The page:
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Story highlights

"Trump portrays our inner cities is as if they are the ailments of American society," he wrote

Singleton was an adviser to Ben Carson

(CNN) —  

A political appointee at the Department of Housing and Urban Development was fired for an op-ed he wrote before the election that criticized then-candidate Donald Trump, a source with knowledge of the situation told CNN.

In an October op-ed for The Hill, Republican consultant Shermichael Singleton said Trump was taking the Republican Party to a “new moral low.”

“We allowed that hostile takeover to happen on our watch,” he wrote. “This individual recognized a moment of great disparity in the Republican base and, like cancer, attacked and spread, consuming everything in his path.”

Singleton’s piece criticized Trump’s rhetoric about African Americans during the campaign. After the election, the 26-year-old worked with Ben Carson during his confirmation process to become HUD secretary. Singleton, who is African American, then joined the department as a senior adviser.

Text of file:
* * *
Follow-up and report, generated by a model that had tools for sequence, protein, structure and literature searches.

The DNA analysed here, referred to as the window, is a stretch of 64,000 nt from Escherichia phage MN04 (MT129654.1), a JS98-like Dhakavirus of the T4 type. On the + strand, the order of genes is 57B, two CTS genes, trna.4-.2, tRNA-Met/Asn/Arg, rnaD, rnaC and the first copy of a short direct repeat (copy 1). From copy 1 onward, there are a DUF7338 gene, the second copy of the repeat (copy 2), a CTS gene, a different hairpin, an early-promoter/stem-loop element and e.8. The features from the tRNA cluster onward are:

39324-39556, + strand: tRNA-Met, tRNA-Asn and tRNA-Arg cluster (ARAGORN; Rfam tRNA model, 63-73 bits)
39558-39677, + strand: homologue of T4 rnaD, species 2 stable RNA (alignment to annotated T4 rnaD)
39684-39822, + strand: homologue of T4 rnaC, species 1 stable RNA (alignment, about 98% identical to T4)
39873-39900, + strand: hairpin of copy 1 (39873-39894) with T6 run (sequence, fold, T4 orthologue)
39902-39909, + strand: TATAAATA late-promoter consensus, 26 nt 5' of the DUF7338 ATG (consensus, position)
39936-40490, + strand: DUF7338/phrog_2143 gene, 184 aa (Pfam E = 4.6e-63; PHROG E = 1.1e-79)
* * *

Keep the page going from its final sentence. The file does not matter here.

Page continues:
But on Wednesday, he was brought into the chief of staff’s office and fired, the source familiar with the situation told CNN. Singleton was told he was being dismissed because of the op-ed and was escorted from the building, according to the source, who also said Carson was surprised by the move and only learned of it after the fact.

A HUD spokesperson confirmed Singleton no longer works at the department.

Singleton declined to comment. The White House and the HUD chief of staff didn’t respond to CNN’s request for comment.

News of Singleton’s dismissal was first reported by The New York Times.

Singleton expressed concerns in his pre-election op-ed about Trump’s approach to addressing issues of high concern to many black American voters.

“Hearing the nominee of my party ignore these harsh truths and opt for words like ‘law and order’ sounds like a coded message from an era in our history that should stay in the past,” Singleton wrote.

Trump has been repeatedly criticized for his rhetoric when discussing the black American urban experience and for mainly discussing inner cities when talking about black people.

“Donald Trump portrays our inner cities is as if they are the ailments of American society and should be exterminated and swiftly removed,” Singleton wrote in the op-ed. “He never mentions the many hardworking, good and honest people who are simply trying the best they can to achieve their share of the American dream.”